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Improving the Assessment of Vancomycin-Resistant Enterococci by Routine Screening

Improving the Assessment of Vancomycin-Resistant Enterococci by Routine Screening Background. As infection with vancomycin-resistant enterococci (VRE) increases in hospitals, knowledge about VRE reservoirs and improved accuracy of epidemiologic measures are needed. Many assessments underestimate incidence by including prevalent carriers in at-risk populations. Routine surveillance cultures can substantially improve prevalence and incidence estimates, and assessing the range of improvement across diverse units is important.Methods. We performed a retrospective cohort study using accurate at-risk populations to evaluate the range of benefit of admission and weekly surveillance cultures in detecting unrecognized VRE in 14 patient-care units.Results. We assessed 165 unit-months. The admission prevalence of VRE was 2.2%–27.2%, with admission surveillance providing 2.2–17-fold increased detection. Medical units were significantly more likely to admit VRE carriers than were surgical units. Monthly incidence was 0.8%–9.7%, with weekly surveillance providing 3.3–15.4-fold increased detection. The common practice of reporting incidence using the total number of patients, rather than patients at risk, underestimated incidence by one-third. Overall, routine surveillance prevented the misclassification of 43.0% (unit range, 0%–85.7%) of “incident” carriers on the basis of clinical cultures alone and increased VRE precaution days by 2.4-fold (unit range, 2.0–2.6-fold).Conclusions. Routine surveillance markedly increases the detection of VRE, despite variability across patient-care units. Correct denominators prevent the substantial underestimation of incidence. http://www.deepdyve.com/assets/images/DeepDyve-Logo-lg.png Journal of Infectious Diseases Oxford University Press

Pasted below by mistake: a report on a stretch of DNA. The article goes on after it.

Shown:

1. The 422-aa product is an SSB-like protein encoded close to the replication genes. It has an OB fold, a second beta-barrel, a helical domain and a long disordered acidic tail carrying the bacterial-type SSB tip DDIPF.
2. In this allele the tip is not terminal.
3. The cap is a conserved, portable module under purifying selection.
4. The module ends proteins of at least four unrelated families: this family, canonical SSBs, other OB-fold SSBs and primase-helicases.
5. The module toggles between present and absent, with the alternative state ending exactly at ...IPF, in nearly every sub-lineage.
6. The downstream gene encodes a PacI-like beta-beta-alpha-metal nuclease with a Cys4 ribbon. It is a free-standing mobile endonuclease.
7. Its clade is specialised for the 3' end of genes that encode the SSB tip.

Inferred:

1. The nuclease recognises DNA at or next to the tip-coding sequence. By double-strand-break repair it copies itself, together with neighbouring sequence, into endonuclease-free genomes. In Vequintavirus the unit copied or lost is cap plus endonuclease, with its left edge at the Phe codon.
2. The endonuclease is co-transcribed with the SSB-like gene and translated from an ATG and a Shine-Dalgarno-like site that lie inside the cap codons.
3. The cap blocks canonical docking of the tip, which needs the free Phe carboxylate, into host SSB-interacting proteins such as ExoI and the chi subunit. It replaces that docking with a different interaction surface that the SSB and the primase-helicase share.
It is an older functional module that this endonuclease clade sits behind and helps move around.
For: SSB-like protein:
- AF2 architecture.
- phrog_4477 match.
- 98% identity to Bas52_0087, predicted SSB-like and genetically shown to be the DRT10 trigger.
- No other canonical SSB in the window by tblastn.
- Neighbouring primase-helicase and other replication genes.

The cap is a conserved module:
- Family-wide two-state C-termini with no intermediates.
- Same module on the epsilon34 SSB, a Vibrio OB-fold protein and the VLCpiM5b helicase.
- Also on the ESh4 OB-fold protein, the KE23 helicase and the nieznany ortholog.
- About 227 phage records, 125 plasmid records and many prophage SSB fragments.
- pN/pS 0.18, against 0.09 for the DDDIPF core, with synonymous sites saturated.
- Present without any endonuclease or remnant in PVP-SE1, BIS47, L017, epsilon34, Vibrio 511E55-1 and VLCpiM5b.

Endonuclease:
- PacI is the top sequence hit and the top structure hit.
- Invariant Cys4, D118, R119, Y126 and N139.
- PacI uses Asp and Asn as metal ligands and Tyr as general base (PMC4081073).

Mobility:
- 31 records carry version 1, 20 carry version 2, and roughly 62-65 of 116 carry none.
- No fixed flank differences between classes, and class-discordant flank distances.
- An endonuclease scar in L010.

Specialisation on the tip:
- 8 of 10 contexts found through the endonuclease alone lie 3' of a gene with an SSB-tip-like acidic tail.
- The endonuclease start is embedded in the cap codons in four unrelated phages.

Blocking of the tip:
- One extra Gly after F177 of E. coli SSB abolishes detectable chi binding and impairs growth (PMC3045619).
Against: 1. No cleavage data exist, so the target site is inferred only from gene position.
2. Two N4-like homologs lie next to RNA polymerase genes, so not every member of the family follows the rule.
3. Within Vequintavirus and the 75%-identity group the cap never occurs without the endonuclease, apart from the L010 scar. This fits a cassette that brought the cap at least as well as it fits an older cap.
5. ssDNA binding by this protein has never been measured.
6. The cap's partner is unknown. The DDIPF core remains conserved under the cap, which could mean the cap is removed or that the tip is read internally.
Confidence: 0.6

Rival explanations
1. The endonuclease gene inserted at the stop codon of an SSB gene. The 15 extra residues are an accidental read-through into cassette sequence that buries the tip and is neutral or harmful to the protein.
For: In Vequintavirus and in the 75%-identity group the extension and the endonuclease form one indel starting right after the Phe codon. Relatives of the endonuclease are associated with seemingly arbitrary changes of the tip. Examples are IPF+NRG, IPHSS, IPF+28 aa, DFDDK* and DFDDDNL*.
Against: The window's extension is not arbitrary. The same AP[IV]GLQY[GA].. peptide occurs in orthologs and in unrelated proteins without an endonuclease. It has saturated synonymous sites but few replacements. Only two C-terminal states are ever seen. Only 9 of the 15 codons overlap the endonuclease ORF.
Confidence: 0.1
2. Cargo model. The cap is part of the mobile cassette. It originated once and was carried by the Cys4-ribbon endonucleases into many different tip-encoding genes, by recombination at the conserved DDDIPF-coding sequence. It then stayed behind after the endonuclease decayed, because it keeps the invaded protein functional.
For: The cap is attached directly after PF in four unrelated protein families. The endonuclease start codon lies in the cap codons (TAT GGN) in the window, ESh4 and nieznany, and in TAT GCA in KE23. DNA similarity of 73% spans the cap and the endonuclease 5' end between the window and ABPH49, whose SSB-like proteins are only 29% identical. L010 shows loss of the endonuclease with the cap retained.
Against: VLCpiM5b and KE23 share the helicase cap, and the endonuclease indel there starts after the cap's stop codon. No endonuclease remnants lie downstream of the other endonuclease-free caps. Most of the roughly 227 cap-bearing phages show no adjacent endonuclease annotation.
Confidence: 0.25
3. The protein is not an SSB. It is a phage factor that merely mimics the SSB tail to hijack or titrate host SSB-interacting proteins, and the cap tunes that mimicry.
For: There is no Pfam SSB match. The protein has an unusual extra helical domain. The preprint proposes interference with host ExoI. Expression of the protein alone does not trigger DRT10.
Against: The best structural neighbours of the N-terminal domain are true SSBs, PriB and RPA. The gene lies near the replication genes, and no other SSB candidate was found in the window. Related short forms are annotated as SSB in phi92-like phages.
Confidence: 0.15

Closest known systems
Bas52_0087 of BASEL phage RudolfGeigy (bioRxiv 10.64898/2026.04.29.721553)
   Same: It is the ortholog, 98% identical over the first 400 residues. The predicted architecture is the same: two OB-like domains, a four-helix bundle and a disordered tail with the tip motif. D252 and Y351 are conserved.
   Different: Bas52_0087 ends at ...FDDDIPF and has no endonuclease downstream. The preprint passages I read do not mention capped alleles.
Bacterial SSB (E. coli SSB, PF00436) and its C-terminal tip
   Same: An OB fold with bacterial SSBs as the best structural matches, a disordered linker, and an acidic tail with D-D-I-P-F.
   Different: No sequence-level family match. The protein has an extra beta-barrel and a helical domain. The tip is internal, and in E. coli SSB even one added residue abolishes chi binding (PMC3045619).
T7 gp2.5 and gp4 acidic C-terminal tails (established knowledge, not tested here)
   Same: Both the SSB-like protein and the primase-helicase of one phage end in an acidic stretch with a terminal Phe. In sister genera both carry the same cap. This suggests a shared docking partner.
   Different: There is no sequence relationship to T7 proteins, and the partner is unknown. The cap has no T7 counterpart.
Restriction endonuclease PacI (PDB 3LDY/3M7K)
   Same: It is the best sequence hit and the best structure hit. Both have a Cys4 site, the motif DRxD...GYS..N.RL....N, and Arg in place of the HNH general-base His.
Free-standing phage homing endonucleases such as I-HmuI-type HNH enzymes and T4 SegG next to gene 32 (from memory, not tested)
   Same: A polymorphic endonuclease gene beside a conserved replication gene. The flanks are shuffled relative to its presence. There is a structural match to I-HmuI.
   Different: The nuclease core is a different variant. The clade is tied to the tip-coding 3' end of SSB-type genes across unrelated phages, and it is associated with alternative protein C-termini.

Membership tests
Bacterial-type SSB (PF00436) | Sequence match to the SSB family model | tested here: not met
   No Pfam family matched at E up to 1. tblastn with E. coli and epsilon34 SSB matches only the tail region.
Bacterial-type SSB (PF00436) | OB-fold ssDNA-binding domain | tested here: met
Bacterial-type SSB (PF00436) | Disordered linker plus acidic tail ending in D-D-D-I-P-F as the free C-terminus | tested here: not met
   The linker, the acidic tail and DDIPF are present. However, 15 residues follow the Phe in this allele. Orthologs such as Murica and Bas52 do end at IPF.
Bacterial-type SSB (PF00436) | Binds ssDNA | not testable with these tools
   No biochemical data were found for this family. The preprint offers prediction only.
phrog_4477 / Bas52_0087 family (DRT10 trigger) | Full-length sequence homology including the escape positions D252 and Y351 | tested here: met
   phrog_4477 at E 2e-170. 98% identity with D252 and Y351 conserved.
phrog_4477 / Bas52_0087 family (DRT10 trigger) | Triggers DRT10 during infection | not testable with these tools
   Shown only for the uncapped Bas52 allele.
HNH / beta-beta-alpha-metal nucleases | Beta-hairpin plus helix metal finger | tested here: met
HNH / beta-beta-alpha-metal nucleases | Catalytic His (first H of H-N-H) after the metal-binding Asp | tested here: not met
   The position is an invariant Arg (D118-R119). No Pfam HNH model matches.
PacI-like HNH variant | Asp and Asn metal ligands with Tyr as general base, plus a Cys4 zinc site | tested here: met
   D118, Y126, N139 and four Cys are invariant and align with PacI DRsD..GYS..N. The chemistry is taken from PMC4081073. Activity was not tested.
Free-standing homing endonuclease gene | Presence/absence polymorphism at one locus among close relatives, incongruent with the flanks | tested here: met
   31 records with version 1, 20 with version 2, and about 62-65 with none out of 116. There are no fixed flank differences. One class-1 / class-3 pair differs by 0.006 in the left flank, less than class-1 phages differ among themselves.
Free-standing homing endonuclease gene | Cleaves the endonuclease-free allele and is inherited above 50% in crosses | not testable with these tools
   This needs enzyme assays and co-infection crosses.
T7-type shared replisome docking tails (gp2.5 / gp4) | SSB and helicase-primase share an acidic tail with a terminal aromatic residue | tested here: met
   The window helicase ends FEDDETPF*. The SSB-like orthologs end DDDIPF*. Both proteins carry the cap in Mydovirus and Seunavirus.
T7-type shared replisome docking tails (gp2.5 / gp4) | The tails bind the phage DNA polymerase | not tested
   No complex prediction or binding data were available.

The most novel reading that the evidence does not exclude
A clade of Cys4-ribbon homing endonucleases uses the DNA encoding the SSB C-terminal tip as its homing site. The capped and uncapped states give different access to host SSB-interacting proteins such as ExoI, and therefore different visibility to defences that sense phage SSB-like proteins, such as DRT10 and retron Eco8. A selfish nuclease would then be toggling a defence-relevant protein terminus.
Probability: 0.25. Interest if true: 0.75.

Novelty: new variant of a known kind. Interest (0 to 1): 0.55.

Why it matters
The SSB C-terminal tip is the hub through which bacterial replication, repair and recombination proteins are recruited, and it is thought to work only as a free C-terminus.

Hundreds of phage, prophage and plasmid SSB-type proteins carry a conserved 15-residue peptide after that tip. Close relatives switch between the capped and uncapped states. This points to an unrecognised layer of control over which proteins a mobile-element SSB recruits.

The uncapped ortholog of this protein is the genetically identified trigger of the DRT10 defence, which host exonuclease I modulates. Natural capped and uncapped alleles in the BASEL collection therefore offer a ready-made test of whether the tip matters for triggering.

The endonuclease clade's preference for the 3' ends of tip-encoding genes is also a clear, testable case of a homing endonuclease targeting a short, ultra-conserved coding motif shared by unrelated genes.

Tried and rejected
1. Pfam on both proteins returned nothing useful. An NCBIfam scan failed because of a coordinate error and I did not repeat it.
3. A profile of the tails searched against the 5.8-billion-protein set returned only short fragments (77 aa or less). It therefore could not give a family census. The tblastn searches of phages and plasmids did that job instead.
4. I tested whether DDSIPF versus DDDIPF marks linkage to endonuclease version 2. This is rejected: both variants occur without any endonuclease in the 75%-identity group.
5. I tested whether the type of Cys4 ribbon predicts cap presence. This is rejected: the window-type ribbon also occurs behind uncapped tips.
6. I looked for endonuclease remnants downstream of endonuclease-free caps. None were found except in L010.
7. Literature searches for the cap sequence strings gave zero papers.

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References (32)

Publisher
Oxford University Press
Copyright
© Published by Oxford University Press.
Subject
Major Articles and Brief Reports
ISSN
0022-1899
eISSN
1537-6613
DOI
10.1086/510624
pmid
17205471
Publisher site
See Article on Publisher Site

Abstract

Background. As infection with vancomycin-resistant enterococci (VRE) increases in hospitals, knowledge about VRE reservoirs and improved accuracy of epidemiologic measures are needed. Many assessments underestimate incidence by including prevalent carriers in at-risk populations. Routine surveillance cultures can substantially improve prevalence and incidence estimates, and assessing the range of improvement across diverse units is important.Methods. We performed a retrospective cohort study using accurate at-risk populations to evaluate the range of benefit of admission and weekly surveillance cultures in detecting unrecognized VRE in 14 patient-care units.Results. We assessed 165 unit-months. The admission prevalence of VRE was 2.2%–27.2%, with admission surveillance providing 2.2–17-fold increased detection. Medical units were significantly more likely to admit VRE carriers than were surgical units. Monthly incidence was 0.8%–9.7%, with weekly surveillance providing 3.3–15.4-fold increased detection. The common practice of reporting incidence using the total number of patients, rather than patients at risk, underestimated incidence by one-third. Overall, routine surveillance prevented the misclassification of 43.0% (unit range, 0%–85.7%) of “incident” carriers on the basis of clinical cultures alone and increased VRE precaution days by 2.4-fold (unit range, 2.0–2.6-fold).Conclusions. Routine surveillance markedly increases the detection of VRE, despite variability across patient-care units. Correct denominators prevent the substantial underestimation of incidence.

Journal

Journal of Infectious DiseasesOxford University Press

Published: Feb 1, 2007

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